Thinking of you: https://boldnblonde.wordpress.com/2015/01/28/daddy-issues/
MIDLOTHIAN, Ill. (AP) — A suburban Chicago police department paid a hacker a $500 ransom to restore access to data on a police computer that the hacker had disabled through the use of an increasingly popular type of virus...
The Role of Dreams in Our Lives
Research has found that among patients with Major Depressive Disorder, the presence of frequent nightmares is associated with suicidal tendencies…
There’s evidence that one type of drug commonly used to treat depression may alter dreaming. SSRI — selective serotonin uptake inhibitors — appear to affect dreaming in several ways. SSRI may decrease dream recall — the ability to remember dreams. This type of drug may intensify dreaming. SSRI may lead to the presence of more positive emotions in dreams. Withdrawal from SSRI, on the other hand, may lead to nightmares and may also intensify dreaming.
Drugs and alcohol also can affect dreaming. Alcohol disrupts the normal, healthy sleep cycle and leads to fragmented sleep. Consuming alcohol heavily and too close to bedtime may alter and diminish time spent in REM sleep. Studies show that alcohol dependency is linked to dreams with more negative emotional content. Marijuana also disrupts and reduces REM sleep. Withdrawal from marijuana and cocaine have been shown in studies to induce strange dreams…
Funny, I had the opposite effect when I consumed cannabis — the drug actually increased REM sleep, including dreams. And when I stopped having access to cannabis, I had very few withdrawal symptoms; and they only lasted for a day or two. Compared to detoxing from prescription medications, it was a cake walk.
Insomnia can heighten dream recall and also lead to more stressful and disturbing dreams…
Okay, I’m not reading any further, this guy doesn’t know what he’s talking about…
Re: Effects of Discontinuing the Use of Cannabis
by Painkills2 » Mon Jun 16, 2014 6:26 pm
What happens when patients can’t renew, and must discontinue their pain medication?
1. Increased anger and frustration, along with a decreased ability to handle these strong emotions
2. No change in sleep patterns [because I don’t really have sleep patterns]
3. Loss of patience [but not much to begin with]
4. Smoking (cigarettes) like a chimney [major bummer]
5. Loss of interest in healthy foods
6. Some increased sadness and anxiety
7. Easier to retain short-term memory, but harder to think
8. And, of course, increased pain levels, with no adequate way to manage them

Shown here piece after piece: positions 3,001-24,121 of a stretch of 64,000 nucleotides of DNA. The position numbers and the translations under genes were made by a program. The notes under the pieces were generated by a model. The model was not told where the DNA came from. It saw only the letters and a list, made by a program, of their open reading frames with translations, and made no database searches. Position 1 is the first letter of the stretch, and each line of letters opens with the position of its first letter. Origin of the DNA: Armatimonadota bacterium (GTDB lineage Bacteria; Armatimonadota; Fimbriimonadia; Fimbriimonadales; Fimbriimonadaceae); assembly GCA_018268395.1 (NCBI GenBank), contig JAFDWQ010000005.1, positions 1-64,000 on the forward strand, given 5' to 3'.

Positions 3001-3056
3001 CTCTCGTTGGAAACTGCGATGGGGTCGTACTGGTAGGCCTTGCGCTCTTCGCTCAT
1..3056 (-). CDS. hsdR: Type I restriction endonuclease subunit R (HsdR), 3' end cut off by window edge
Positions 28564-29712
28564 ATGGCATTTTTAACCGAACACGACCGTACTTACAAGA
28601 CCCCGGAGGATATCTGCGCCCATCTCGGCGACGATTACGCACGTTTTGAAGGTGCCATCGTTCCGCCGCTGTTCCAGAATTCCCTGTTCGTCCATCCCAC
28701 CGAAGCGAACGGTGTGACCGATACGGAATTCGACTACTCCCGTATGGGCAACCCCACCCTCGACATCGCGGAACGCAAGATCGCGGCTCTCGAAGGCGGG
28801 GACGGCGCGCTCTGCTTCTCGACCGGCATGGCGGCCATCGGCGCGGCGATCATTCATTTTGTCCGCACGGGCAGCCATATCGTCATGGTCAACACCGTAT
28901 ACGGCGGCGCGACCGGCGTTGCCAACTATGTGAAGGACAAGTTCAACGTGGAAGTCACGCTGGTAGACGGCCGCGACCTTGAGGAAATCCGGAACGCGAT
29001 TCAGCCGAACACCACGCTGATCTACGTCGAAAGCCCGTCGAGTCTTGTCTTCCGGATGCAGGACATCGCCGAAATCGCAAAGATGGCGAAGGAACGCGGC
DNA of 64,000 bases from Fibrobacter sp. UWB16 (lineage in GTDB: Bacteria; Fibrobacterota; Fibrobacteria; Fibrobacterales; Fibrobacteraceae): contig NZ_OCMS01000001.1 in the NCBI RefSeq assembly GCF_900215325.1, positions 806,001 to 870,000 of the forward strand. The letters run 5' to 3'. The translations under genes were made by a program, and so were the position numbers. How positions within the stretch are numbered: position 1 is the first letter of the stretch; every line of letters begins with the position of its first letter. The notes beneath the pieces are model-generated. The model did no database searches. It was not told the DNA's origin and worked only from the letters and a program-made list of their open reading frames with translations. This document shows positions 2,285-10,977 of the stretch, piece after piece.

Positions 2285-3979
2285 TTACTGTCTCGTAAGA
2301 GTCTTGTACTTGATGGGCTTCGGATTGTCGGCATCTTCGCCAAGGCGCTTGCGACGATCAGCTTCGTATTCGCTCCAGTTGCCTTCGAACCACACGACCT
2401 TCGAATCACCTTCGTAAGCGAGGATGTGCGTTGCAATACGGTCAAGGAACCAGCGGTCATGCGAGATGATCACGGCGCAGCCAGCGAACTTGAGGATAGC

(I am not too proud to beg for mercy. And maybe some compassion.)
by Painkills2 » Mon Oct 27, 2014 1:10 pm
I’m not sure doctors understand how easy it is for suicidal thoughts to creep into the mind of a chronic pain patient…
You’ve got patients who have suffered from chronic pain for months or years, and are still searching for that magic pill. They’re frustrated, they’re tired, and they are suffering from unmanaged pain. If they’re still able to work, their job performance and attendance is suffering, along with their personal relationships. They are having to make an incredible effort just to appear normal, to do the things they normally do, and to hold out hope that things will get better.
You’ve got chronic pain patients with high expectations of the medical industry, still able to access adequate treatment, and still holding out for some kind of miracle treatment or cure. Their hope is based mainly in their opinion that this miracle cure will come with a price tag they can afford, but pain and fear are still constant companions.
You’ve got intractable pain patients who have been around the block, know the score, and have reached a level of acceptance — that the pain will always be around, and will only get worse. They’ve seen the criminalization of pain patients, and the DEA’s power grow and grow. They know that past is prologue, so there’s not much hope left that the medical industry will overcome the existing and ever-growing prejudice against pain patients (not that many doctors are really trying).
Does acceptance have to mean a loss of hope? I don’t know, you tell me.
All this to get to the point of how much cannabis helps to keep those suicidal thoughts at bay for all patients who are suffering, both physically and mentally. It can get to be a constant struggle to steer your thoughts away from the negative, and cannabis — more so than any other drug — provides an amazing assist.
Thank you, Mother Nature, for creating this plant, and thanks to all the growers who work so hard to create this miraculous medicine for patients.
8 Love Letters That Remind Sexual Assault Survivors They Are Not Alone